Scenario planning

Scenario planning is a rapidly growing field of practice, and there are many different methodologies to choose from. Scenario planning can be time consuming, but if the purpose primarily is to open up your thinking about the future, as is the case here, it doesn’t have to be. A good way to start a “light-pass” scenario exercise is to list and rank important drivers for change. The next step is to think creatively about how different combinations of these drivers (e.g. ++, +-, –, -+) might impact the system in the future. The attached case from the Makanya catchment in Tanzania, shows how this type of scenario planning approach helped thinking creatively about the future of smallholder farming and increasing the robustness of interventions made in agricultural water management.

Figure 24.1 Scenarios can be used to explore some of the plausible futures of a social-ecological system. This stylized representation reflects four potential futures of a farming system. The goal of using alternative scenarios is not prediction, but rather to engage with the range of uncertainties that exist about the future. Illustration: E.Wikander/Azote

In some cases, it might be worthwhile to conduct a more in-depth scenario exercise and some research might then be needed to determine the most suitable approach to use for your system and in your context with the time, capacity and resources you have available. Scenario planning can be combined with emerging tools such as adaptation pathways to map out the possible future trajectories of the system and how they may intersect at critical points in the future.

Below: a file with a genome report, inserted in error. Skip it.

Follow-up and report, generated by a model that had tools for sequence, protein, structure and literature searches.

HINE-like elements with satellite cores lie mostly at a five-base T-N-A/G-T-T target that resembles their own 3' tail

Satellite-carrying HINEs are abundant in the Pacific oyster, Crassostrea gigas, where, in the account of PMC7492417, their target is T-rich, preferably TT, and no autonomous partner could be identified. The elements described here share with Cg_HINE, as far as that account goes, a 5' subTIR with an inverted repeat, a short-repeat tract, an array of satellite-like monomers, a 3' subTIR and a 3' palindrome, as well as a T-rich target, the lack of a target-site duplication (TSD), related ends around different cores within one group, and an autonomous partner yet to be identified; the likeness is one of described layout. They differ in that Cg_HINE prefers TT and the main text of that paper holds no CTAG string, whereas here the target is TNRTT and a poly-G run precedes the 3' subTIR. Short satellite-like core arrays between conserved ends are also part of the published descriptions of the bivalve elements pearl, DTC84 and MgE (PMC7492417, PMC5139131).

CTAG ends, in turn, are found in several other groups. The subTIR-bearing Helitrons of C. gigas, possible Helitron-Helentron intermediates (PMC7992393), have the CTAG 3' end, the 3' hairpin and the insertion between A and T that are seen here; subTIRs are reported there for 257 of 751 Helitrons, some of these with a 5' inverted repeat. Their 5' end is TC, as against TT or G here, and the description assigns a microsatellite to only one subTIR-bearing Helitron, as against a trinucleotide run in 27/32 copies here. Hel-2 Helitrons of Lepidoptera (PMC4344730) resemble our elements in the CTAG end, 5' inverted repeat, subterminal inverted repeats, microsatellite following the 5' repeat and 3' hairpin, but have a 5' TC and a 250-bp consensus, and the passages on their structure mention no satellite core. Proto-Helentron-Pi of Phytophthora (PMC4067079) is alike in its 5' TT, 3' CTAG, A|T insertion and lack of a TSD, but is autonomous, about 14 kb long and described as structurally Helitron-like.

The attached discussion guide lists a set of questions that cut across different scenario planning methods and can be used to stimulate thinking on how to integrate the scenarios you develop with your evolving system understanding, the change narrative that you have started working on, and the action strategies that you will be working on soon in Phase 4.

Click here to learn more about working with the future by Tanja Hitchert, Research Associate at the Centre for Complex Systems in Transition at Stellenbosch University

Click here to learn about the seeds of a good Anthropocene by Laura Pereira, Researcher Associate at the Centre for Complex Systems in Transitions at Stellenbosch University

Open this card Close this card